3. I second what Joe said. As an apprentice, I was always attentive to what my journeymen had to say about their experiences. It tied me to the past and a working world greater than myself. Inevitably in the many stories (including the one about the journeyman working in a zoo between the chimp cages whose ladder was playfully nudged by a chimp), the teller would interject, “He was a good electrician.” This did a lot to quietly build in me the desire to have the same said of me. To hear the stories of your youth helps tie us to a greater woodworking world of tradition forged with callouses and sweat. It is a real world not speculative or interpreted from a book. It inspires us to greater work, and to appreciate those who paved the road for us and what it took to do so. Thanks Paul.

  4. Paul,
    After Vocatioal School in Pine Bluff, Ar. The year course consistedof year of in class/shop instruction. Second year was six month at (for me) Sante Fe RR Shop, Norge, US Time(TIMEX) and Curtiss Mathes,in Benton, Ar.

    the old timers would help if asked, you never borrowed a tool more than once, if at all.

  5. I love to hear stories such as these. I also served an apprenticeship in the HVAC world and learned all about sheet metal duct work etc. I then went on to College to study Engineering and got in the Architectural Aluminum Business, such a diversity in trades.

    I learned a lot from the “Tin Knockers” and was a gopher for at least a year before I could actually do anything other than load, unload the truck. Set up the portable work bench’s with their tools in order, obviously sweep up after them and make sure I had everything ready for the next move. It was nerve racking at first but what I learned was to pay attention and be able to think ahead of them. Then they started to show me how to read the prints, layout and size duct work, learn velocity’s and cfm for sizing etc.

    I to hate to see the apprenticeship’s almost non existing today and shudder at some of the workmanship I see which wouldn’t be the case if people were properly trained.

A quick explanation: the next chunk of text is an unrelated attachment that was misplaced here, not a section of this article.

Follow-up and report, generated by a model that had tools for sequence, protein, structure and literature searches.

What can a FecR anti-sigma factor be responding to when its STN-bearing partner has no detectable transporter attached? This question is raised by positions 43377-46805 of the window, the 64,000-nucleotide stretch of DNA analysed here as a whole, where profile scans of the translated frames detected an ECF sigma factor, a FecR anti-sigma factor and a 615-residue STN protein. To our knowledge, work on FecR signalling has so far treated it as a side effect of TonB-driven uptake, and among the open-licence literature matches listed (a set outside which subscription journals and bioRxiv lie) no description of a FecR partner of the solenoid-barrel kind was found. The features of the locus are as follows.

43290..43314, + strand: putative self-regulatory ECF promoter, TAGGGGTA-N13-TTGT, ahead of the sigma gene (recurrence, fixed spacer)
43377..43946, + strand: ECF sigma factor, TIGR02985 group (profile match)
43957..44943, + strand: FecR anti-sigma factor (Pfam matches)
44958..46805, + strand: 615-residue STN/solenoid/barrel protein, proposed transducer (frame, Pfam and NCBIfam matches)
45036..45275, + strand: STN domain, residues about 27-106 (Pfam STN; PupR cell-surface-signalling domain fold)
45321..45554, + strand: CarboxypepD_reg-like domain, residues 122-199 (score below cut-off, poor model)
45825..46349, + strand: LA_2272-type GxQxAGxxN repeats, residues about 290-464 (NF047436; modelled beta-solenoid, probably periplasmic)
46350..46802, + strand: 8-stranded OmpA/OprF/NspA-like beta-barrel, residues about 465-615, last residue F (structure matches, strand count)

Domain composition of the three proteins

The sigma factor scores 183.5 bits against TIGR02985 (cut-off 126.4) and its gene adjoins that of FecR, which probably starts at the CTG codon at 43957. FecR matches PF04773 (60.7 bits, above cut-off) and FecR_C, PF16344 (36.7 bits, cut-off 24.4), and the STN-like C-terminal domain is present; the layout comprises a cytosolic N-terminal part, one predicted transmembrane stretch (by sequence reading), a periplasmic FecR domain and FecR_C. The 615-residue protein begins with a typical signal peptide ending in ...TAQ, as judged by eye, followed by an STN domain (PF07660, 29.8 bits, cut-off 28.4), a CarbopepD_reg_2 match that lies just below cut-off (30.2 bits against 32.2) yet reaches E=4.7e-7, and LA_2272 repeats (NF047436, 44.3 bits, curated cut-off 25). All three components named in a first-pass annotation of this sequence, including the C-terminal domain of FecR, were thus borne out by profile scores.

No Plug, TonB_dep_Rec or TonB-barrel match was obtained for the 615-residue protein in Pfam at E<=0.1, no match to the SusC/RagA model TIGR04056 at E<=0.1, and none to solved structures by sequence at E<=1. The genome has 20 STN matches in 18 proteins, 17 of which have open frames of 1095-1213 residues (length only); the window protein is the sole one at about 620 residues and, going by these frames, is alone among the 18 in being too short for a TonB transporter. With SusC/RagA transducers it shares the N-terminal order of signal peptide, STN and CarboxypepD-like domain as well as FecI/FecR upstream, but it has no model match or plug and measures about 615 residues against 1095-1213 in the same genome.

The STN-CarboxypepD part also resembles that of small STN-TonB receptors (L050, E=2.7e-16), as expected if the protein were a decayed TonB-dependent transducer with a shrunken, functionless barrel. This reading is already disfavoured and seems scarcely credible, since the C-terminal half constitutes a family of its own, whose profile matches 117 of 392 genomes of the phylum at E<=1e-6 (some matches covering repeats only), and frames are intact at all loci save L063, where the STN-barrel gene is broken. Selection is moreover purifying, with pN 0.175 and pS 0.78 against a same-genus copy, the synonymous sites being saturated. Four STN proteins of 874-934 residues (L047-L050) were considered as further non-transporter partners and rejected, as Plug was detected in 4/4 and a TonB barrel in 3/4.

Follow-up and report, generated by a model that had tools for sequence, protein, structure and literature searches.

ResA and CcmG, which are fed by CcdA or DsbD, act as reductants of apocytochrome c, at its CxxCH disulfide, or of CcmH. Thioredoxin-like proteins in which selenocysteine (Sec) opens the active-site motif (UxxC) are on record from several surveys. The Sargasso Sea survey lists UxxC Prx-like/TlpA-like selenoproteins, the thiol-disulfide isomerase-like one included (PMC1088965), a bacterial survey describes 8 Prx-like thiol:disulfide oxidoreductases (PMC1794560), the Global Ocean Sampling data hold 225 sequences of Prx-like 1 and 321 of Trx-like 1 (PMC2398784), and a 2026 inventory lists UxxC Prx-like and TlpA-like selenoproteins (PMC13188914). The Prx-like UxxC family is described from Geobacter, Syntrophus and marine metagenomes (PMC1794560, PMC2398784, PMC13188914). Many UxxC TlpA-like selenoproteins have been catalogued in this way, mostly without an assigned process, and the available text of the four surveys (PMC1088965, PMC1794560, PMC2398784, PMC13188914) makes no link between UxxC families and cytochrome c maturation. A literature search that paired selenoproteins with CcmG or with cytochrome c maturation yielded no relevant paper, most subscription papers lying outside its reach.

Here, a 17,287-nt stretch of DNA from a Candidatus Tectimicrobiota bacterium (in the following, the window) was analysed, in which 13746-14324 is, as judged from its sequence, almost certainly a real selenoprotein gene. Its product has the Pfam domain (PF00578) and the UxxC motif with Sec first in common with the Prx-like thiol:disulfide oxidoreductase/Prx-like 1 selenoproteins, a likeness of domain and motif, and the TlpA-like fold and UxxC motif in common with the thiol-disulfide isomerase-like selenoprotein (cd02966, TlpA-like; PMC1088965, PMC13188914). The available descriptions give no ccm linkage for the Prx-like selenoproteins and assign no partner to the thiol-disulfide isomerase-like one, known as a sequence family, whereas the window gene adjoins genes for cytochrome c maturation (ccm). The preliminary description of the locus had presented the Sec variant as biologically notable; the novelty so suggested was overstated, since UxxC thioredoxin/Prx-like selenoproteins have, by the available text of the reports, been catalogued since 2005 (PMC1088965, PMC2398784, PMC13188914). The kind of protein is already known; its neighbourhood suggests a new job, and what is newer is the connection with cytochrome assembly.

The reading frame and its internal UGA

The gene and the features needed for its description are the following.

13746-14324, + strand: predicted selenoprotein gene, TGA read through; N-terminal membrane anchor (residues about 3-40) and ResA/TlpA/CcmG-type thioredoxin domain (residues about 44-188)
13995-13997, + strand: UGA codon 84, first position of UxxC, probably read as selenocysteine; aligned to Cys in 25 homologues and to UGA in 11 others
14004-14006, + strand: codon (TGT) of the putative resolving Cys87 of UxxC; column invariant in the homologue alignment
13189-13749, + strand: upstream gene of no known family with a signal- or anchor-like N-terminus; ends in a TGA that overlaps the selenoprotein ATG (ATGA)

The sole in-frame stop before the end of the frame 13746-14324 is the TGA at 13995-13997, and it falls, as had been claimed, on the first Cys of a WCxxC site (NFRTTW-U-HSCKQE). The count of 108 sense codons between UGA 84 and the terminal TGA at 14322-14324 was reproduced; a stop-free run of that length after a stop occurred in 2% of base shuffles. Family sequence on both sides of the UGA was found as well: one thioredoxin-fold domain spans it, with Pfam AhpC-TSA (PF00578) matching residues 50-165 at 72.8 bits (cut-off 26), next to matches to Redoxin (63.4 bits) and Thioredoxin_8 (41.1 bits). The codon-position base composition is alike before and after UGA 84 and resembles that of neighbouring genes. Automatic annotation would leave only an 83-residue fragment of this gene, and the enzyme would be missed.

6. I too very much enjoy your stories of apprenticing. Apparently it took more than a month or so for you to develop into a Master woodworker. I read how much respect you had for these men that taught at such a practical level and how impractical things can be today. By the way how will you at some point explain how these men would lay out circular stairs by making a pattern from folded paper?

  7. Hi Paul,

    I can relate to this apprenticeship thing, when I started mine in 1975 it’s now 40 years ago!!

    But one thing I could never understand and sometimes struggled with – was the way that some of the more senior workers or ‘tradesman’ (and I’m using the term loosely here), thought it was their right to treat the apprentices quite badly.

    I don’t think they would get away with it so much in today’s society!!

    Oh well onwards & upwards

  8. Paul, “sweeping the shop” reminded me of my “shop” class in middle school. About fifteen minutes before the period ended we cleaned the benches and we swept the floor and polished up the handle of the big front door. Oops; sorry. Got carried away. Any way, when my grandson was making his cutting board, and we were up to our ankles in shavings, and it was time to clean up, he looked over at the big shop vac. I told him, “No, we’re doing everything with hand tools”, and pointed at the broom and dust pan. He did it with no complaints.